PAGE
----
What is automation? It usually conjures up science fiction imagery and limited ties to reality. But for a growing number of schools, labs, firms and professionals, automation is the word that gives professional passions meaning. This is because automation is, theoretically, a human helper. It is the codification (documentation and computing operationalization) of job tasks. Generally, automation describes a bundle of technologies that take routine, physical and thinking human tasks and turns them into algorithms and robotic procedures. The idea is that we can help with all of the work humans need to do, if we enlist intelligent computing technology. Importantly, as computing technologies progress, this notion of computing intelligence also becomes more and more like artificial intelligence.
Of course, the slight overreaction, here, is that our lives will be completely inundated with robots and we will not recognize our future in a world filled with artificially intelligent algorithms and robots. However, the reality is far more difficult to predict and likely not an immediate step into Star Trek, Star Wars, etc. It is more probable that a large portion of our job tasks will be “augmented” by the embedded technologies of automation, and that another portion of job tasks will grow from the automation economy. To an extent, some of these technologies will displace a number of job tasks and even whole jobs. Projections vary substantially on how this automation and job task replacement will pan out. However, it is possible that somewhere between 35 to 50 percent of job tasks will be augmented or automated by 2035. If this is even remotely true, and our projections are off by even 50 percent, then that is a transition of close to 200 million jobs globally in just over 15 years.
Why is all of this relevant to the built environment? Because real estate is notoriously slow to make changes, which is problematic for the sector’s long-run economic productivity. Buildings take a significant amount of time to create, and because they are the shell of all safe and healthy living, working and playing, there is a sense of responsibility to maintain rather than change. But research has shown that automation and its associated terms – namely, artificial intelligence, machine learning and deep learning – started to be developed as early as 1955. This means we have had some time to adjust to some of the concepts and ideas around automation. However, it seems that automation is still not widely accepted, and there are many barriers to its entry into the real estate industry.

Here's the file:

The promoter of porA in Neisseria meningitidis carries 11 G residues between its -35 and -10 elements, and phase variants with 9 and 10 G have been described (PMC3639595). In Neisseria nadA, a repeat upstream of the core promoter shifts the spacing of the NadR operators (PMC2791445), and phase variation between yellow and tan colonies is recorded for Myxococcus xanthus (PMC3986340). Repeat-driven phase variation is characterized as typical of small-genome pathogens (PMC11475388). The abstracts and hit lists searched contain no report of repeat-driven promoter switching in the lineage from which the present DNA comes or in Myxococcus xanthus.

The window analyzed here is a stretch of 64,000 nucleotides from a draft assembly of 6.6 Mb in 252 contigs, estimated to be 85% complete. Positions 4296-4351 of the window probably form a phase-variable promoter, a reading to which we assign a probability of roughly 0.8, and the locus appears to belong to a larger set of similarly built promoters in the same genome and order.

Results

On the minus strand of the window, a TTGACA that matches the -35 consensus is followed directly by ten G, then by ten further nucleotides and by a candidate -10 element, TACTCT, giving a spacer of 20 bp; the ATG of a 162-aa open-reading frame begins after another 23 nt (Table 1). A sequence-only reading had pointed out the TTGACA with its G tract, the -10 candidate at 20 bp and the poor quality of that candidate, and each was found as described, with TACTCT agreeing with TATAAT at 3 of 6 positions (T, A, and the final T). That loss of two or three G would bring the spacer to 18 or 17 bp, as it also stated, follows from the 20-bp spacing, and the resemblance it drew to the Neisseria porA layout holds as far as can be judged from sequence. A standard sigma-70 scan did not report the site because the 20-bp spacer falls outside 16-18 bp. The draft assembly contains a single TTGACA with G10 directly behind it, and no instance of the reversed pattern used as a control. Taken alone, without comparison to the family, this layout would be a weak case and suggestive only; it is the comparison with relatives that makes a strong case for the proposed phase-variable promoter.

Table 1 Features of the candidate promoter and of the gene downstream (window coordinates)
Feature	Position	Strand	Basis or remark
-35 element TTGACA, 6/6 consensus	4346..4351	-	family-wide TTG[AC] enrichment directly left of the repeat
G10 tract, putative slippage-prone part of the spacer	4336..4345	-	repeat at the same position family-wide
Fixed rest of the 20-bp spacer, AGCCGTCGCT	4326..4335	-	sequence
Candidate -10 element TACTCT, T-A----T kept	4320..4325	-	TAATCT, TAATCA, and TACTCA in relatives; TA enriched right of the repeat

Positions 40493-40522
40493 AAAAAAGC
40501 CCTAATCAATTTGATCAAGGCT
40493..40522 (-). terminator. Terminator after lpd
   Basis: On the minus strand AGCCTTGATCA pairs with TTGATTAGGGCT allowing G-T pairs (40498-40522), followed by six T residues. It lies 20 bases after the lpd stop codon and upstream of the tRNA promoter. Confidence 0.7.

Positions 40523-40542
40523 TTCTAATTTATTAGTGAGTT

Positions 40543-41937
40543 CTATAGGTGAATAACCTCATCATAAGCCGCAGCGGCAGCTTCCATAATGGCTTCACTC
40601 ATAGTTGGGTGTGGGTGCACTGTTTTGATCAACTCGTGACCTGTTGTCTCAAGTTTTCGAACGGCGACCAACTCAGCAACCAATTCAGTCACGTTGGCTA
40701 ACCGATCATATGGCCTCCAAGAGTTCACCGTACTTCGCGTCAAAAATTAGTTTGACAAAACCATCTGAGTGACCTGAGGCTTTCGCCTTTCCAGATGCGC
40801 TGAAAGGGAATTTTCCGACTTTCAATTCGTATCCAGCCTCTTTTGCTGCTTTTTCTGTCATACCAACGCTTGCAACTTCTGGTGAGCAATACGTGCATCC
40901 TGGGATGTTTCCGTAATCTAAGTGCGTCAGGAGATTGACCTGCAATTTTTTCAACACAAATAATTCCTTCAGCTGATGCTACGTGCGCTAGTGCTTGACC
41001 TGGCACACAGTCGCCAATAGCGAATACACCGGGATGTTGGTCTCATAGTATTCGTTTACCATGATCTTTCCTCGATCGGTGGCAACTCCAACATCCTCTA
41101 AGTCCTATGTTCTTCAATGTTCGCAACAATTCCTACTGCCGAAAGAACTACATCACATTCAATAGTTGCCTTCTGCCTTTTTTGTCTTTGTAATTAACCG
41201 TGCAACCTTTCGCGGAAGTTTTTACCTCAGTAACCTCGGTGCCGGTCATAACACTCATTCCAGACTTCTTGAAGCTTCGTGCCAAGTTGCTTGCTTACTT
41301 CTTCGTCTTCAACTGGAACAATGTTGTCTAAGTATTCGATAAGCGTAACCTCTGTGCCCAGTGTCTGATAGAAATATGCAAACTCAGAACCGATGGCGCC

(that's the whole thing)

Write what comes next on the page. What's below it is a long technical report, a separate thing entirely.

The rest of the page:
In the MIT REI lab, we wondered why automation has been slow to take off in real estate, and subsequently devised a framework to highlight at least six reasons that outline its obstacles. These include limited product scalability, market-to-market idiosyncratic regulations, a limited number of lifecycle events that can synergize with automation events, numerous and complex, one-time engagement stakeholder experiences, liquidity risk in adopting automation technologies the market is not willing to consume, and limited technologies and business models to copy from other sectors. These obstacles are not impossible to overcome, but tackling them will require a different approach to dealing with industry-wide externalities.
Perhaps what is important, then, is understanding the phases of automation. There are three stages in our current outlook: recognition (data collection and tagging), sorting (machine and deep learning) and intelligence (unsupervised deep learning or so-called early general artificial intelligence). These stages are important, as they help us to gauge where our sector is in relation to others. Unlike financial services and life sciences, the real estate sector is still in the recognition stage with some firms engaging in the sorting stage.
The real estate sector has, in fact, made substantial strides in the past 20 years to cultivate “automation acumen” with the use of data and back-of-house automation processes. There are at least 150 data companies in the sector and there are a growing number of data integration companies. These companies are starting to pair thousands – even hundreds of thousands – of data sets to start to make inferences about past and future products and processes in the real estate sector. In addition, there is a growing number of robotic commercial offerings, with approximately 90 companies across the built environment. While some might find this surprising, Selina Short at EY does not. Instead, she sees firms developing “automation acumen” increasingly with their back of house operations. In these cases, starting with taxation and accounting tasks enables firms to understand the ethical and mindful codification process of automation.
With all of these factors in mind, consider whether automation is as far away as some skeptics would have us believe. Although we are still in the early stages, firms are taking note of what they are missing out on by not engaging in automation technologies and strategy. Fundamentally, it is economic growth stemming from efficiency, and potentially increased revenue from freeing up cognitive capacity to create new products. In any case, it is worth learning about what automation is, and how it impacts the real estate sector without the hype.